Lashana Lynch as Ezoji in The Woman King
Lashana Lynch as Ezoji in The Woman King © Ilze Kitshoff

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Climate chart: an explanation – Identify the most important weather data for the week. Participation over here

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Economic

UK mortgage lenders promise more support for vulnerable groups

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UK mortgage lenders have agreed to take a more consistent and supportive approach to homeowners struggling with the cost of living crisis, a measure prompted by a Treasury meeting with Chancellor Jeremy Hunt and attended by consumer champion Martin Lewis.

“We expect each lender to live up to its responsibilities and support any mortgage borrowers who are finding it difficult at this time,” Hunt said after a roundtable with executives from the country’s largest banks on Wednesday.

Meanwhile, the UK’s Financial Conduct Authority, the financial watchdog, Post the draft guidance Identify key ways to support customers, including patience programs similar to those introduced at the start of the COVID-19 pandemic.

Bankers also recommitted to offering borrowers an opportunity to move to fixed-rate mortgages, without affordability tests, once their existing deals expire if their payments are up to date.

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The chancellor is concerned that there are wide differences in how different banks deal with customers in financial difficulty, an issue that has consistently focused the spotlight on Lewis, a journalist and activist.

Hunt warned lenders to do everything they can to help vulnerable clients through the tough months ahead.

Lewis previously warned that a “perfect storm” was brewing for homeowners in the spring, as soaring energy prices, double-digit inflation and interest rates projected to exceed 4 percent next year make repayment unaffordable.

Bank of England data suggests that a third of borrowers in fixed-rate deals will have to refinance in the next two years – the equivalent of hundreds of thousands of households a month – at much higher rates. Earlier this year, it was the average price for a fixed-five-year deal more than doubled to more than 6 percent.

In addition, the Office for Budget Responsibility’s Office of Financial Oversight said last week that home prices are expected to fall 9 percent over the next two years and could remain below their current level for five years.

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In a separate statement, the FCA outlined the different ways banks can provide relief to customers. These include extending the term of the mortgage, switching to interest-only payments for a temporary period, moving customers to a different interest rate or allowing them to make reduced monthly payments.

The FCA would also allow banks to use automation to “provide forbearance at scale” and proactively identify similar groups of borrowers who might benefit from the same method of forgiveness.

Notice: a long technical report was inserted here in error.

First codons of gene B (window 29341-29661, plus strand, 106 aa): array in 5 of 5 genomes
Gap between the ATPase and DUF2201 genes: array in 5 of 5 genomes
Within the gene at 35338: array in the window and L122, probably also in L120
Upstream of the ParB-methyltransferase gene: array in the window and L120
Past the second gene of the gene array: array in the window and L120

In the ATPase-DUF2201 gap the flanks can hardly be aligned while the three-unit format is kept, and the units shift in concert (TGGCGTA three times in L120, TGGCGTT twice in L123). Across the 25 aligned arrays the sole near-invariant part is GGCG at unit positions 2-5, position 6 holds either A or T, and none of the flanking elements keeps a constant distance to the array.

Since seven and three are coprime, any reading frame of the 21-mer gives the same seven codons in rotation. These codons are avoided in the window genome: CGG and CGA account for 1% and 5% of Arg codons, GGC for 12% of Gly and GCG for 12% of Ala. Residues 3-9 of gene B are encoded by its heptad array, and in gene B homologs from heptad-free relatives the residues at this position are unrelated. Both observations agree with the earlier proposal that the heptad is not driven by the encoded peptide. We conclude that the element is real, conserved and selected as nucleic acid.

The regulator said it recognized the need for “flexibility and scope to adapt its approach to meet the operational challenge of many clients who need assistance at the same time”.

“If you’re struggling to pay off your mortgage, or worried you might, you don’t have to struggle on your own. Your lender has a range of tools available to help, so Sheldon Mills, FCA’s executive director of consumer and competition, said. You should contact them as soon as possible.

Banks must respond to the proposals by December 21.

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Exclusive: Canada’s largest pension plan, CPPI, is ending the pursuit of cryptocurrency investing

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© Reuters. FILE PHOTO: A representation of bitcoin is seen in front of a stock chart in this illustration taken on May 19, 2021. REUTERS/Dado Ruvik/File Photo

Written by Divya Rajagopal

TORONTO (Reuters) – Canada’s largest pension fund, CBB Investments, has ended its efforts to study investment opportunities in the volatile cryptocurrency market, two people familiar with the matter told Reuters.

The reasons behind CPPI’s abandonment of cryptocurrency research were not immediately clear. CPPI declined to comment but said it has not made direct investments in cryptocurrency. He pointed to previous comments on cryptocurrency by its CEO, John Graham, in which he sounded cautionary.

The people added that CPPI’s Alpha Generation Lab, which studies emerging investment trends, put together a three-member team in early 2021 to research cryptocurrency and blockchain-related businesses, with a view to potential exposure.

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But sources said CPPI gave up the chase this year and redeployed the team to other regions.

CPPI’s move also comes as two of Canada’s largest pension funds have divested their investments following the collapse of cryptocurrency exchange FTX and cryptocurrency lender Celsius, which collapsed this year.

Earlier this year, CPPI CEO Graham said the pension plan, which manages C$529 billion ($388 billion) for nearly 20 million Canadians, did not want to invest in digital currencies simply for fear of missing out.

“You really want to think about the intrinsic value of some of these assets and build your portfolio accordingly,” Graham said in a June speech. “So I’d say crypto is something that we keep looking at and trying to understand, but we haven’t really invested in.”

It was not clear when CPPI dropped its plan. One source said the team was actively evaluating investment opportunities in late July this year, but the second source said the team finished its work earlier than that.

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Details of CPPI’s quest to invest in cryptocurrency and its decision to end it were not previously reported.

The sources declined to be identified because the information was not made public.

Canadian pension funds’ exposure to the cryptocurrency sector has come under scrutiny in the aftermath of the FTX debacle. While Canadian pension funds are not prohibited from buying cryptocurrencies, they are known for risk-averse investment strategies to generate steady returns for retirees.

While CPPI has avoided investments in cryptocurrencies, some of its peers have been caught up in the chaos of the sector this year. The Ontario Teachers’ Pension Fund (OTPP), which oversees approximately C$242 billion in assets, has written off its C$95 million investment in FTX. OTPP said it was “disappointed” with its investment in FTX.